Let’s take the good news first.

The Carter Review of Initial Teacher Training, set up by Michael Gove in May 2014, has worked quickly and well, and reported last week.  This is the best official report on an educational topic that I’ve ever read – informed, clear, concise, balanced and practical. It puts the outcome for pupils first, with everything else a means to making this as good as it can be.

Teaching is comprehensively and succinctly described – teachers need not just to know their subjects, but patterns of progress within them, common misconceptions, links between subjects, and ways of teaching them to pupils of different ages and abilities. The role of universities is extended beyond their education departments to include subject researchers who are routinely shut out of teacher training by territorially-minded education departments. Trainees should not just know about special educational needs, but about how to ensure that pupils with them make progress. There is even a long-overdue section on children’s mental health.

Nothing important that has been left out, and my only quibbles are with the description of teaching as “clinical” – calling it pedagogy is bad enough – and with the idea that “the sector” should be asked to draw up key standards for teacher training. You could predict the outcome of that as soon as you knew who from “the sector” was on the panel.  A revised list of standards for headteachers appeared at the same time.

These reports are two steps forward, and compensate to a degree for the recent steps backward. Nicky Morgan’s recent points about detail  get to the heart of the bad news.  During the whole of my time in education, I’ve found that both our political opponents and people who would subvert education for their own purposes have been better at detail than we have been, and they do not feel obliged to inform us of their intentions.

The earliest example was HM Staff Inspector for English in the early seventies, one of the moving spirits behind the National Association for the Teaching of English, who carefully and deliberately packed the Bullock committee on literacy with people whose views were diametrically opposed to those of the Minister (Margaret Thatcher) who had set it up.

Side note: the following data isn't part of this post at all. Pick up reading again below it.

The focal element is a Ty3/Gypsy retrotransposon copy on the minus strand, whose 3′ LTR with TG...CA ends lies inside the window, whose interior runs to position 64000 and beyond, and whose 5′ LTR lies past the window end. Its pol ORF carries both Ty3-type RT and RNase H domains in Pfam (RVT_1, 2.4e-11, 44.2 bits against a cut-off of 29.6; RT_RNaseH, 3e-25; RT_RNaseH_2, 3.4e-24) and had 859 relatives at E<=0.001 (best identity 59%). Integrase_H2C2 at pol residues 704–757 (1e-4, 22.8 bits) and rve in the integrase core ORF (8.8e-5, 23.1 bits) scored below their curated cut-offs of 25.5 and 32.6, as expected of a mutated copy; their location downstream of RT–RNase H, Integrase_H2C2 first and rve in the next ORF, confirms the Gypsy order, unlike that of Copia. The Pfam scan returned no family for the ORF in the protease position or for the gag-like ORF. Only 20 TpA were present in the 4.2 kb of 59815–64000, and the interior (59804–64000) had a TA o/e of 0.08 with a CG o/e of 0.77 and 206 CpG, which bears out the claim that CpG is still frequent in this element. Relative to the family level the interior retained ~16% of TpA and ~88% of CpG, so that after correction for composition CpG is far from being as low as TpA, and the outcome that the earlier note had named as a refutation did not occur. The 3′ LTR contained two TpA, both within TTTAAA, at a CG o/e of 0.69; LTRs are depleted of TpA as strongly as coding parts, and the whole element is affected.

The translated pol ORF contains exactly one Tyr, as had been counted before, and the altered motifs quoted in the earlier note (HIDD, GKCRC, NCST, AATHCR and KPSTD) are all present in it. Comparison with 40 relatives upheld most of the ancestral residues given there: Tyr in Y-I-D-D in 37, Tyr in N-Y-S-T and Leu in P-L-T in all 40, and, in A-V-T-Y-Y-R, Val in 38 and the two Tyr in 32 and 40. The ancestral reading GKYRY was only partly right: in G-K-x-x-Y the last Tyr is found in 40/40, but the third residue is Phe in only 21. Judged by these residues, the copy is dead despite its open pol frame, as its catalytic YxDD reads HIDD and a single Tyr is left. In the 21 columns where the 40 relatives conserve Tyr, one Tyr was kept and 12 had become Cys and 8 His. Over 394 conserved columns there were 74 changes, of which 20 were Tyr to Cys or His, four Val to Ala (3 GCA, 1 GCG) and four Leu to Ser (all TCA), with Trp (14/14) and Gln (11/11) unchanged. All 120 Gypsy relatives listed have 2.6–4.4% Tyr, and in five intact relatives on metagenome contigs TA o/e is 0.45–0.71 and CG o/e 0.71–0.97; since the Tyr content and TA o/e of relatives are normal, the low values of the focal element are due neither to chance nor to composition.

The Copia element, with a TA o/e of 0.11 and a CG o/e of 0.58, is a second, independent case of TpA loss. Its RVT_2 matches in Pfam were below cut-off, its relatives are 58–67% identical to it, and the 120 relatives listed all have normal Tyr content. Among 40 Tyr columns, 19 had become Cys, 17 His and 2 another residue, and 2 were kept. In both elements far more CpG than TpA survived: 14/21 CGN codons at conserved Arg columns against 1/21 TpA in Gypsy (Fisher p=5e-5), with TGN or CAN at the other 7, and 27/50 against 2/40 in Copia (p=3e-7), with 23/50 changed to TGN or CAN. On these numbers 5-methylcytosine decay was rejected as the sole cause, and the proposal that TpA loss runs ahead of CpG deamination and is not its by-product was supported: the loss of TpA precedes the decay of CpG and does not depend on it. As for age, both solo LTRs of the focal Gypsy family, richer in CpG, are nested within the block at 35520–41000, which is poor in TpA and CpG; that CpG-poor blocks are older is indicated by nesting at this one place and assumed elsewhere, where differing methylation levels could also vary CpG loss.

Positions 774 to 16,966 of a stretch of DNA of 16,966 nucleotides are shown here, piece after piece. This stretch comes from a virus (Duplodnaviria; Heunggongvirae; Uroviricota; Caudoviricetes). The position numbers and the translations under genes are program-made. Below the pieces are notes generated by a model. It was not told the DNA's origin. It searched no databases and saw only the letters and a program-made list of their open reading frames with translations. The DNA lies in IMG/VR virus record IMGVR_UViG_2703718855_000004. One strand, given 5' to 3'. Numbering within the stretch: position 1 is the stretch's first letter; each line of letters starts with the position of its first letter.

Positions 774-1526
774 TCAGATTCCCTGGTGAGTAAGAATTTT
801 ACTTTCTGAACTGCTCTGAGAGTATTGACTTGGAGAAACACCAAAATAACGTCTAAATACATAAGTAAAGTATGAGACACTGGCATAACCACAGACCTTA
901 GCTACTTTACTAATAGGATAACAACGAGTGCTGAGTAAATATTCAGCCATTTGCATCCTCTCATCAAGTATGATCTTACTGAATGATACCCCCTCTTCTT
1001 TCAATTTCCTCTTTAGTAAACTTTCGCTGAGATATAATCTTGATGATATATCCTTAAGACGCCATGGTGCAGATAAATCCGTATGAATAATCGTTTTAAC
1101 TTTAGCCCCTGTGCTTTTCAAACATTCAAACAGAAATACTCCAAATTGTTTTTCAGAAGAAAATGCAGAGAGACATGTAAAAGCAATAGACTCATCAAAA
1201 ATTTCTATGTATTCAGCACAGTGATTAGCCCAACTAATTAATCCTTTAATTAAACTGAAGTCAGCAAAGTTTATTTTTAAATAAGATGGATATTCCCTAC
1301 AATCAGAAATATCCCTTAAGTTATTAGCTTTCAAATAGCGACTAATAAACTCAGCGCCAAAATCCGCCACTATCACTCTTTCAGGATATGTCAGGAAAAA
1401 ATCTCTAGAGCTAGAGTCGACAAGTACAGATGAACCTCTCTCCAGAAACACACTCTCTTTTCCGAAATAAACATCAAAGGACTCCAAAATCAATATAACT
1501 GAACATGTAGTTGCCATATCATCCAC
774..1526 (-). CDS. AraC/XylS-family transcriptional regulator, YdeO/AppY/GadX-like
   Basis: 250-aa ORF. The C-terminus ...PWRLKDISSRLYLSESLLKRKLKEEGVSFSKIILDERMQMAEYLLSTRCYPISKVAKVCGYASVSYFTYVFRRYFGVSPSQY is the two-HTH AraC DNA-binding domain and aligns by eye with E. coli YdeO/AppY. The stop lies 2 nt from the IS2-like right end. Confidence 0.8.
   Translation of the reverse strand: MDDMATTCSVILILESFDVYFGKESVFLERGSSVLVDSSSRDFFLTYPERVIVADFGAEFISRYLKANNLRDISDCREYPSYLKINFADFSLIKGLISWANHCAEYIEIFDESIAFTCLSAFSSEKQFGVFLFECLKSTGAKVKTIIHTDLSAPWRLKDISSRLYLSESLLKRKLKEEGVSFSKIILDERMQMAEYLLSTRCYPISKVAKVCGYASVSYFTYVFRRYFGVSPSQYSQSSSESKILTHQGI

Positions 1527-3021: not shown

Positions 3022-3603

They took the sensible – from their point of view – step of abolishing the test that for 11 year olds had provided the evidence, and we still have no reliable replacement. I only got to see the test myself – it has the spooky title NS6 – because a friendly psychologist leaked it to me. It’s a perfectly sensible way of finding out if children can read and understand the words before them. Its trendy replacements focus too much on whether or not children can read between the lines and, as they change each year, give us no idea at all whether reading standards are rising, falling or standing still.

Detail is equally important to Ofsted. Sir Michael Wilshaw is right to take inspection out of the hands of unreliable contractors – though I have always found SERCO’s inspection services to be run to a high standard – but more needs to be done to ensure that all judgements are fully rooted in evidence.  This means more attention to subjects, as set out in the Carter Review, to the training of inspectors – particularly to get rid of the idea that anyone can inspect anything – and to the basis of the small number of highly critical reports that close schools and wreck careers.

Progressives hate subjects, and Labour removed them from inspection reports in 2005. The result is that reports contain no reliable and informed judgements on the quality of work across the curriculum, so that inspectors can pick and choose evidence to suit their judgements. They are not required to produce a balanced and accurate report, but can take one issue that may well need attention – such as the playground arrangements at Sir John Cass in London – and fail a whole school because of it.

Such unfairness brings the credibility of even soundly-based judgements into question, as we have no clear idea of the evidence on which they are based.  For example, shortly after the World Trade Centre atrocity, I read an essay in praise of Osama Bin Laden written by a seven year old in a London primary school.  It was graphic and shocking, but it did not cross my mind that the pupil’s opinions were the fault of the school. Inspectors, under the guise of promoting “British Values” have failed schools on precisely this basis.

There are, it seems, correct and incorrect views of a range of social and religious issues that are, or are not, British, and the school is now responsible for the views of its pupils.

Leaving aside the apparently intrusive questioning by some inspectors – some of which may not have been appropriate to the age of the pupils who were being interviewed, to put it politely – this is a gross imposition of political correctness in a areas where children are entitled to make up their own minds.  Blair, for example, has recently stated that “a significant, and not a marginal” minority of Muslims support terrorism, and the French government reported 200 incidents in schools, including threats to kill, during its national day of remembrance for the victims of the Charlie Hebdo massacre. Speaking personally, I will continue to make up my own mind on the basis of the best available evidence on all matters, and will not be told what to think by people who see the purpose of education as social engineering rather than the development of the intellect and character.